This article covered your consulting methodology, which includes how you write your proposals with low labor intensity, and how you disengage with clients after you have performed your consulting.
How you structure your proposals and convey the content is critically important to whether you win the consulting contract. You learned that methodologies are a frame, structure, or set of tasks, completed in a logical order, to produce a result. During the consulting process, the consultant and the client engage in activities that are necessary for achieving the desired result or solution. These activities are known as the consulting process. There are five phases you must understand, because they affect how you do your consulting and also go into the framework of your proposals. Initiation phase includes your initial contact with the client, and a preliminary diagnosis of the problem, which is submitted in your proposal to the client. The diagnosis phase includes defining and measuring the problem and performing research. In the action planning phase, the consultant develops solutions, develops alternatives, makes a plan for implementation, and presents these to the client. The implementation phase includes implementing your strategy for action and performing training for employees. A closure and termination phase includes briefing management on your plans for final follow-up, submitting your consulting report, collecting your payment, disengaging, and setting the stage for future consulting opportunities.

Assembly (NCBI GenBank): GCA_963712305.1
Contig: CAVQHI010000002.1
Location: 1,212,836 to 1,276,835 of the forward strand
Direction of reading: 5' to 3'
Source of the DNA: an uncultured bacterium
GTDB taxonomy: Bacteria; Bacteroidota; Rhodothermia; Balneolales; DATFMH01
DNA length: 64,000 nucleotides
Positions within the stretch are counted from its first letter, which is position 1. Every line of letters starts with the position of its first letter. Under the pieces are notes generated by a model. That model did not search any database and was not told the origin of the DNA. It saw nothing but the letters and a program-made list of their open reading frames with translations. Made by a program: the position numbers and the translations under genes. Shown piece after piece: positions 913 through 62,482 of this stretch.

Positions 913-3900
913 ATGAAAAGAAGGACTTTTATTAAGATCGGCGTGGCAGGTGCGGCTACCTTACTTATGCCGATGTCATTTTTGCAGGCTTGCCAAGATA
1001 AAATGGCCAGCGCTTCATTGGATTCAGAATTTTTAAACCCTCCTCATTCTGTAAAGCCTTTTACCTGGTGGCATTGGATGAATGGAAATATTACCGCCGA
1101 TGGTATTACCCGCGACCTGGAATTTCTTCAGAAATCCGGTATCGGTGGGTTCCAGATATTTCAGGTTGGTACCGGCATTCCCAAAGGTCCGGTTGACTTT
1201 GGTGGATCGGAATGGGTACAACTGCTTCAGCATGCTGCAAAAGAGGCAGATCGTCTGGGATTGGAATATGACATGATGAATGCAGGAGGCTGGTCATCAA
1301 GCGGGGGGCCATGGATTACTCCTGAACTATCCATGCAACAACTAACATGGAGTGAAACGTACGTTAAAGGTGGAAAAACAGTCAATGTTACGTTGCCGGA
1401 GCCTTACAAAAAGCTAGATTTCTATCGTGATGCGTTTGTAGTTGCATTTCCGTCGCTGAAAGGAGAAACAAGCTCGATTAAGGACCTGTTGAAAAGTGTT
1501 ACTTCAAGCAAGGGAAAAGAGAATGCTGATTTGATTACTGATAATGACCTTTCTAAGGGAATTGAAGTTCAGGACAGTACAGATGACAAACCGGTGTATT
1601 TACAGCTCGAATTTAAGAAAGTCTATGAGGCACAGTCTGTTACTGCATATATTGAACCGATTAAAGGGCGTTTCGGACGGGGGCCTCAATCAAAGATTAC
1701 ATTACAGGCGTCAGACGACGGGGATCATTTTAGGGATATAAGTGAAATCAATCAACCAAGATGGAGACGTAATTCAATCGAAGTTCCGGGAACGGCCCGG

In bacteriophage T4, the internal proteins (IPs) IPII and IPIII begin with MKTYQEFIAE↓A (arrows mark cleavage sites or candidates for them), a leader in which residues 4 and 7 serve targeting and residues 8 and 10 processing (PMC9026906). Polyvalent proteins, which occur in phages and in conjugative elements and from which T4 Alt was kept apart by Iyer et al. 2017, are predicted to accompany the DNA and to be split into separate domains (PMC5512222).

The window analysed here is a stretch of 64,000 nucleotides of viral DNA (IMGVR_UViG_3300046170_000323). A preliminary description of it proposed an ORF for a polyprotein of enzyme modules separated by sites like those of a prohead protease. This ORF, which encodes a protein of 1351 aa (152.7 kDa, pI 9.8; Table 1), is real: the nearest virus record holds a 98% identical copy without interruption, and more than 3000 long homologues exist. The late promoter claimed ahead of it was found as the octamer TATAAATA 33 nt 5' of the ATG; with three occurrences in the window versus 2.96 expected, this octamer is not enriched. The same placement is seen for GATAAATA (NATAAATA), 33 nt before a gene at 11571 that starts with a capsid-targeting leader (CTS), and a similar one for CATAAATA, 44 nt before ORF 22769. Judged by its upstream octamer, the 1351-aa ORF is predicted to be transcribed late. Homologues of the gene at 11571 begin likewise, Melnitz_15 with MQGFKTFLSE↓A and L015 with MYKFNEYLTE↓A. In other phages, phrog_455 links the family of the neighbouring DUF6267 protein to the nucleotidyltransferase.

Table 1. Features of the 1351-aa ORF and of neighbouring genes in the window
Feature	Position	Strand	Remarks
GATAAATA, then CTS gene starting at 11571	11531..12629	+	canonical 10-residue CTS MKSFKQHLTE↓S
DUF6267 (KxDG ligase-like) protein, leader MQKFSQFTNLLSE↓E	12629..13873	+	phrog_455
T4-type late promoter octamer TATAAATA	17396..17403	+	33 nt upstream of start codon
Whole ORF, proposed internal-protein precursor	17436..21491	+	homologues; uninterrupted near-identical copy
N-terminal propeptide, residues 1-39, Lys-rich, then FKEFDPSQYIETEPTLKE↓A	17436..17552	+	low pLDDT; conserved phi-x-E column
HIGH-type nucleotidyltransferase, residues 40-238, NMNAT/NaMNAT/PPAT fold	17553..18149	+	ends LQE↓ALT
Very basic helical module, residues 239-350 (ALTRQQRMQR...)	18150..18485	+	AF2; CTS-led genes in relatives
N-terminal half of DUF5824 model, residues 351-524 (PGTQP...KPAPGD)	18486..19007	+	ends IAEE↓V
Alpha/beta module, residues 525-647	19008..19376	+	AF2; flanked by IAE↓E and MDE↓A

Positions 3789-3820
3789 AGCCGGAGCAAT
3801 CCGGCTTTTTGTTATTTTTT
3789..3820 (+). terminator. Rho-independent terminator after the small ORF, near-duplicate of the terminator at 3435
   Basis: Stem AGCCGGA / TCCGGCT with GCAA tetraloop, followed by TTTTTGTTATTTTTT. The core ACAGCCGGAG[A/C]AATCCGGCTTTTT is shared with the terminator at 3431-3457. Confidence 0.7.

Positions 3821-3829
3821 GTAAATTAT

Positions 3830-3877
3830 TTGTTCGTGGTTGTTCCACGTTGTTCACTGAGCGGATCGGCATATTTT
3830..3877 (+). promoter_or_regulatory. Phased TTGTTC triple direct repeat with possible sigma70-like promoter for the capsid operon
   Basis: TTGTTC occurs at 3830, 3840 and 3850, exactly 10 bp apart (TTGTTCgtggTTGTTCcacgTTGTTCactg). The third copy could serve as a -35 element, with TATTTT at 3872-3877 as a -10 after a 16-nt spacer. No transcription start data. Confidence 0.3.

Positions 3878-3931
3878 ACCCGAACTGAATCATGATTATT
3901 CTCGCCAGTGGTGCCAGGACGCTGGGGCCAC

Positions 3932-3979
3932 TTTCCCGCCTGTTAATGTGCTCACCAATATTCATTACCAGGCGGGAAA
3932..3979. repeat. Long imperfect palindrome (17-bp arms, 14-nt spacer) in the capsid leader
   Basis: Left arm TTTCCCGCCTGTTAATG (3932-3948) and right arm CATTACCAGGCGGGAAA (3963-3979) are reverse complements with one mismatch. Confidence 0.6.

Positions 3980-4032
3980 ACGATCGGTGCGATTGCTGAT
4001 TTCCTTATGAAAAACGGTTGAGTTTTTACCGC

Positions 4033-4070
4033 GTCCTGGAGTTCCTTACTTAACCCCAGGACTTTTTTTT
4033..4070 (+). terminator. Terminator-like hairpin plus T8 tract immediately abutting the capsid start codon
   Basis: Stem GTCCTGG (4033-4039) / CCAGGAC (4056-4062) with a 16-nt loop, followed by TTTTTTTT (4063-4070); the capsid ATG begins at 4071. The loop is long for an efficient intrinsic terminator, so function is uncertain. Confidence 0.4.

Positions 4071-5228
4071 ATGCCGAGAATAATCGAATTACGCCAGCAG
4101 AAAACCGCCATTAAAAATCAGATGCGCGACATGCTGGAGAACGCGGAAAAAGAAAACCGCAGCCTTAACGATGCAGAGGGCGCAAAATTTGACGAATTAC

Proposals have the following sections: the name of the client, the consulting need, executive summary, the objectives, success measures, the value summary, time lines, methodology options, joint responsibilities, terms and conditions, acceptance, business environment, scope, and keys terms. As you develop your proposal, you want to be brief, create a powerful executive summary, share your ideas, be client focused, ensure your accuracy for data, and convey your ability to do the consulting work.
Disengaging with clients means that you have aligned them with all the necessary activities to achieve the desired result. In this phase, you follow up with the clients periodically, but are not expected to manage the day to day work to improve the results. During the disengagement, you want to ensure that the client was satisfied and their expectations were met. Use project management techniques to close the project, including documentation of the activities you underwent during the consulting, and any follow-up activities that are still required.